So I finished this last night and initially was all this is a really great book. Then I sat and thought about it and said, well except for some of the character development, and the plot holes that were not tied up, and then the ending. But other than that, it was great. I have to say that I liked the set-up of the book (three college friends) but think that it was hard to even see why the three women kept in touch. Nothing in the book shows us that at all. We jump from freshman year to 20 plus years later and then we hear bits and pieces about things after the fact. Plus one wonders what happened to the friendship between the two women left alive? (no spoilers). I had so many questions at the end of this story so for me it was a solid three stars.
"It's Always the Husband" follows Aubrey, Jenny, and Kate their freshman year of college at Carlisle college. The three young girls are roommates with very little in common. Jenny is a "townie" and Aubrey is at the school on a scholarship. Kate's forefathers helped build up the school though and she very much seems to belong to the elite and cool crowds at the school. The book then jumps back and forth between past and the women in their present day lives with readers realizing that eventually one of these women is going to jump off a bridge which could possibly lead to a secret that all three of them have been keeping about an event during their freshman year.
I think that I felt the most empathy for Jenny. Jenny is very smart and wants to do more with her life than work at her parents hardware store. That said, she seems to value the wrong things. When she eventually meets Kate father and sees how they live she's focused on their wealth and not how unhappy Kate is due to her deteriorating relationship with her father. When we get to see Jenny as an adult, we see a strong capable woman who appears to be in a happy marriage. But there's an undercurrent there due secrets she's been keeping. One wonders why Jenny even deals with Aubrey or Kate since they both seem to be millstones around her neck.
I mostly pitied Aubrey. Her father is long gone and her mother was no help to her at all. Her older sister wants nothing to with her. Aubrey even attaches herself to Kate instantly and even dies her hair the same shade of color in order to look more like her. She even crushes on one of Kate's boyfriends Grif who she thinks she has a special connection with. When we see Aubrey as an adult, married, with three children, you wonder how she ended up in this life that seems to give her nothing. She could have been or did something else, but it seems like she was too afraid to want anything else. She had the most interesting development I thought since finding out about something leads her to realize that she hasn't had a real friendship with either Kate or Jenny like she thought.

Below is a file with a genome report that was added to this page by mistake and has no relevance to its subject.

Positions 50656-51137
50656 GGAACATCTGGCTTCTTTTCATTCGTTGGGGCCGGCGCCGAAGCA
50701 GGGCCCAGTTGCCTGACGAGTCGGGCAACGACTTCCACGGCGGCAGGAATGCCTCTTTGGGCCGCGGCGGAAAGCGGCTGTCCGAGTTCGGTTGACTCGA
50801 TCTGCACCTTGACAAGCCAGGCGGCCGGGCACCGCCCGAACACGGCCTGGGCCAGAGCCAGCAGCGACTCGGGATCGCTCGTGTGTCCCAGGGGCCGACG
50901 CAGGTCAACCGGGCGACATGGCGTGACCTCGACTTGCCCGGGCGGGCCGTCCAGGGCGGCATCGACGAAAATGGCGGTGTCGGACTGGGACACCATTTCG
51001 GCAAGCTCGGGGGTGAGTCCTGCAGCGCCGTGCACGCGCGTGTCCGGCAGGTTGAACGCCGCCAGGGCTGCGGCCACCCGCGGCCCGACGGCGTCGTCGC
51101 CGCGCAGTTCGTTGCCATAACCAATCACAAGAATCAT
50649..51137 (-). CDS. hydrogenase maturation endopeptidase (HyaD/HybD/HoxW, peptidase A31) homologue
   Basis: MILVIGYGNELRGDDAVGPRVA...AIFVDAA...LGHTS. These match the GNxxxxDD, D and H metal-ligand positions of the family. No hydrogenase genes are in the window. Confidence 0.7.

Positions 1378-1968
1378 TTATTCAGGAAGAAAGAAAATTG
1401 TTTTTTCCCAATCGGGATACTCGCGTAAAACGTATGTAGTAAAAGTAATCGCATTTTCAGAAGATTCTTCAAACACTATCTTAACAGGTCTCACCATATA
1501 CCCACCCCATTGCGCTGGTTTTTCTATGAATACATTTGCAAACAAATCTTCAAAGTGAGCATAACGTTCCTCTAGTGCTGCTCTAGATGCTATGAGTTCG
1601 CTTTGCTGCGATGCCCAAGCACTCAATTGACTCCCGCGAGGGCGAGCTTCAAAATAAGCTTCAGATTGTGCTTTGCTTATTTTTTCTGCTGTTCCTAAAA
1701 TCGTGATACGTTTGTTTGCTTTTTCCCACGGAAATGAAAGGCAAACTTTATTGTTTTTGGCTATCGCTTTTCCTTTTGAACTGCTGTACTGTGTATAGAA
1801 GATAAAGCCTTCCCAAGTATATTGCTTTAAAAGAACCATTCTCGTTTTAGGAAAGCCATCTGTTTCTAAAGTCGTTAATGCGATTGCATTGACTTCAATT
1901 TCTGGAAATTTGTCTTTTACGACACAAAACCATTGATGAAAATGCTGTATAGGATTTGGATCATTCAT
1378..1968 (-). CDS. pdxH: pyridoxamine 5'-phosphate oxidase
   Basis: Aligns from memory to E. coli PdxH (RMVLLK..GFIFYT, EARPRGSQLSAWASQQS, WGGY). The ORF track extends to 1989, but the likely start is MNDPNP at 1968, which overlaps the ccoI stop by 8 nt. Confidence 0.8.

I didn't like Kate much. I think that Campbell had a tough road to walk with her, but I saw her mostly as shallow and self-absorbed. We have a lot of people trying to leave Kate and or being infatuated with her and I wondered why. She didn't seem to offer much besides her looks. When we see her as an adult, not much changed there, and she even seems to be more selfish (if possible). Her resentment of Jenny and Aubrey makes zero sense to me though especially after we find out about what went on freshman year.
We get some other POVs in this one which could have been cut. The new police chief investigating the murder of the woman who jumped who has a surprising connection to her. We also get Kate's husband's POV which made things worse in my opinion too since it was confusing as all get out based on the ending.
The writing was pretty solid. I thought Campbell did a good job showing the women as young girls and then later. I wish though that we had more information about the times in between. I don't get why the three of them would even speak to each other again based on what went on. The flow started off really great, but towards the end it just jumped back and forth too much between everyone and then we just stutter to the ending.
The setting of the college and the surrounding town was interesting I thought. We also have the setting change to New York and even Jamaica at one point. I think Campbell perfectly captures the goings on at supposed elite colleges.
The ending though. Eh. I get what Campbell was trying for, but once again it read as false to me based on what came before it.